New Delhi: India’s Smart Cities Mission will provide immense opportunities for high volume real estate development considering the highest chunk of the proposed capital investment in smart cities-about 89 per cent has been allocated for built environment (urban development & housing, buildings, waterfront development etc.) transportation, water, wastewater management and energy, according to a white paper released today by RICS.
RICS in partnership with RICS School of Built Environment (SBE), Amity University today released a white paper titled, “Urban Makeover: Evolution or Revolution” at the RICS Cities Conference 2016. The white paper looks at the ground realities of smart cities and its execution challenges.
Sachin Sandhir, Global Managing Director – Emerging Business, RICS said, “Being a global professional body for built environment, RICS has taken up issues pertaining to urbanisation and vision for cities the world over. The white paper attempts to look at the opportunities provided by the Smart Cities Mission for cities to transform themselves and at the same time, highlights challenges that need due attention and discussion. We are working with central and state government bodies on various aspects and providing technical advice and international best practices; helping structure projects that will go into making smart cities and helping them tap into sources of finance from land and real estate assets on a sustained basis.”
Devina Ghildial, Managing Director, South Asia, RICS said, “RICS white paper among other things examines how the Indian model of smart cities is unique because it promotes area based development instead of pan city development. Almost 74 per cent of the investment is targeted towards area based development.” Devina further added that smart technologies such as Big Data, Building Information Modelling (BIM), Cloud and mobile computing etc. will hold the key to the future of smart cities.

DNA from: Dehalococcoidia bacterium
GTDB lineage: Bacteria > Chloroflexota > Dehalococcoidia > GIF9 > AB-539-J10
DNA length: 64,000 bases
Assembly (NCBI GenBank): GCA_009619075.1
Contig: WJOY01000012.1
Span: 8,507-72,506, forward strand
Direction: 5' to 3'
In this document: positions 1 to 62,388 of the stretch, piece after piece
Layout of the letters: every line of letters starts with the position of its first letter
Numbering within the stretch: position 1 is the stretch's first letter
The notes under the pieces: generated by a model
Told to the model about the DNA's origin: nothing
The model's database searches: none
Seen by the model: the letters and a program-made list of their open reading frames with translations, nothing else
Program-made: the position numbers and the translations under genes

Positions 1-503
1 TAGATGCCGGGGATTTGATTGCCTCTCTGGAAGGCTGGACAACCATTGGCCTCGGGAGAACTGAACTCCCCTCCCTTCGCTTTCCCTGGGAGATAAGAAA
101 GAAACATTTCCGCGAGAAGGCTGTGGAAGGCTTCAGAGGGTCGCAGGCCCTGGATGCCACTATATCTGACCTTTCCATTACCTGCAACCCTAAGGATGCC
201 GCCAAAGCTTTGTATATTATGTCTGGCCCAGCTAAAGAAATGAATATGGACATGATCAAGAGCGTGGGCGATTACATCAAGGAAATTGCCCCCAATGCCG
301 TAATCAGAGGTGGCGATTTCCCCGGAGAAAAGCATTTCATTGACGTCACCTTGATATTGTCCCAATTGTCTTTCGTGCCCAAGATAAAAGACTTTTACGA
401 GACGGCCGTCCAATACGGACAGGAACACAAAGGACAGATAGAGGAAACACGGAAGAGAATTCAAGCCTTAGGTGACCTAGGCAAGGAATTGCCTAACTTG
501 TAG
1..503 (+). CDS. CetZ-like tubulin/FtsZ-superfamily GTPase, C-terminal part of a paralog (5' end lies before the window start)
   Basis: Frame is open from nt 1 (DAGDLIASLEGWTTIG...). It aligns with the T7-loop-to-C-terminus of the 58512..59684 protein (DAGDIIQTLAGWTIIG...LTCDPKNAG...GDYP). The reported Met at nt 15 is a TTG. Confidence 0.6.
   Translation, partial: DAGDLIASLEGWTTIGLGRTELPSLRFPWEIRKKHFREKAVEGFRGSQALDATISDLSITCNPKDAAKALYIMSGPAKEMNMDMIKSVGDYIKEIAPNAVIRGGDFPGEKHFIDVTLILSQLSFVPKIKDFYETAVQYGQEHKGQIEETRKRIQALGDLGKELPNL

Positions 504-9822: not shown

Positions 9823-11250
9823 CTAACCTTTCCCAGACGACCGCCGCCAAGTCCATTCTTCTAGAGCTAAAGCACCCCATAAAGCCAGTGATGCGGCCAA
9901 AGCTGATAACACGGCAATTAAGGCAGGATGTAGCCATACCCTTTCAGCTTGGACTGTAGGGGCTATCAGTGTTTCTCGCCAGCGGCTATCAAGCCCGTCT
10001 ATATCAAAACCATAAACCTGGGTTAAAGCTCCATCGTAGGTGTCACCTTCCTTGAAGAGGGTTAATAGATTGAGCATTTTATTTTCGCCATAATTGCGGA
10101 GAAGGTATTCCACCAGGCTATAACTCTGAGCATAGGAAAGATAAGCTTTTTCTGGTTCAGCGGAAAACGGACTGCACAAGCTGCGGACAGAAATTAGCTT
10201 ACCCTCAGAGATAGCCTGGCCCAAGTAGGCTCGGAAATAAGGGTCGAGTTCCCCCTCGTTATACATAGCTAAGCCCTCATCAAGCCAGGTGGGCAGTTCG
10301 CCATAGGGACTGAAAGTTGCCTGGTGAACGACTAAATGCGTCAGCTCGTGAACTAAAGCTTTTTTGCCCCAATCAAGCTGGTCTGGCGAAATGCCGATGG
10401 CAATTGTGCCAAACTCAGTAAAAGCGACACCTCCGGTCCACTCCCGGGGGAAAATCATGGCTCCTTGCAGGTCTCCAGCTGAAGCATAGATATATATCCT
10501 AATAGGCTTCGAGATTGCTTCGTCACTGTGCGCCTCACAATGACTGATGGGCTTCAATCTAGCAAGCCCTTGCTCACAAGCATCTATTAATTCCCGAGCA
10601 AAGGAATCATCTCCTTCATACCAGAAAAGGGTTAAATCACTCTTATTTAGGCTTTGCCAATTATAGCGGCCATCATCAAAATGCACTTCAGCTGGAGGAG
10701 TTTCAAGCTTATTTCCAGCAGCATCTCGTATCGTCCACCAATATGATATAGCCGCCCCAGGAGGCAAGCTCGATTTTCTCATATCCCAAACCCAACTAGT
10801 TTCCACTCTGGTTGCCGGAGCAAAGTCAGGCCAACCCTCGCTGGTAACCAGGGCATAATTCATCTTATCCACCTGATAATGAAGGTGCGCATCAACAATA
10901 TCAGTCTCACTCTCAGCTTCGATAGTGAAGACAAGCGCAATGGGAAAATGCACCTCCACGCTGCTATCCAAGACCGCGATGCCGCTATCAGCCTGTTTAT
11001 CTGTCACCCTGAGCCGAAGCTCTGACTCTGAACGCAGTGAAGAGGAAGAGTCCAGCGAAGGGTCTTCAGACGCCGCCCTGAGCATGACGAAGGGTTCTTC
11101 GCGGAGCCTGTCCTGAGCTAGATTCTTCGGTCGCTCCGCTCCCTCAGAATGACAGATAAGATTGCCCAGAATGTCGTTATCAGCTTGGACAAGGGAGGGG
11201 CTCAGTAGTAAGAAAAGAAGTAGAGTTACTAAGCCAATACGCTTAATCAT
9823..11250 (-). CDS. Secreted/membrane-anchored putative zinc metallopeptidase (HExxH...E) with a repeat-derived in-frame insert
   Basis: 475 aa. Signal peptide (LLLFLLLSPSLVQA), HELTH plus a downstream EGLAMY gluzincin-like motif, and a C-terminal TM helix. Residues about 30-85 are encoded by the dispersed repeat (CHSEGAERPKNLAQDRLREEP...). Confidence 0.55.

The white paper talks about how a relatively smaller portion of the proposed capital investment amounting to about 11 per cent of Rs. 48,000 crore in the 20 smart cities that were selected in the first round of the smart city challenge will be spent on technology infrastructure and public services.
Technology infrastructure would include projects relating to Information Technology in the public domain such as communications and operations, connectivity and public interface apart from public services such as health, education, governance and socio-cultural initiatives, which forms the core of smart city infrastructure.
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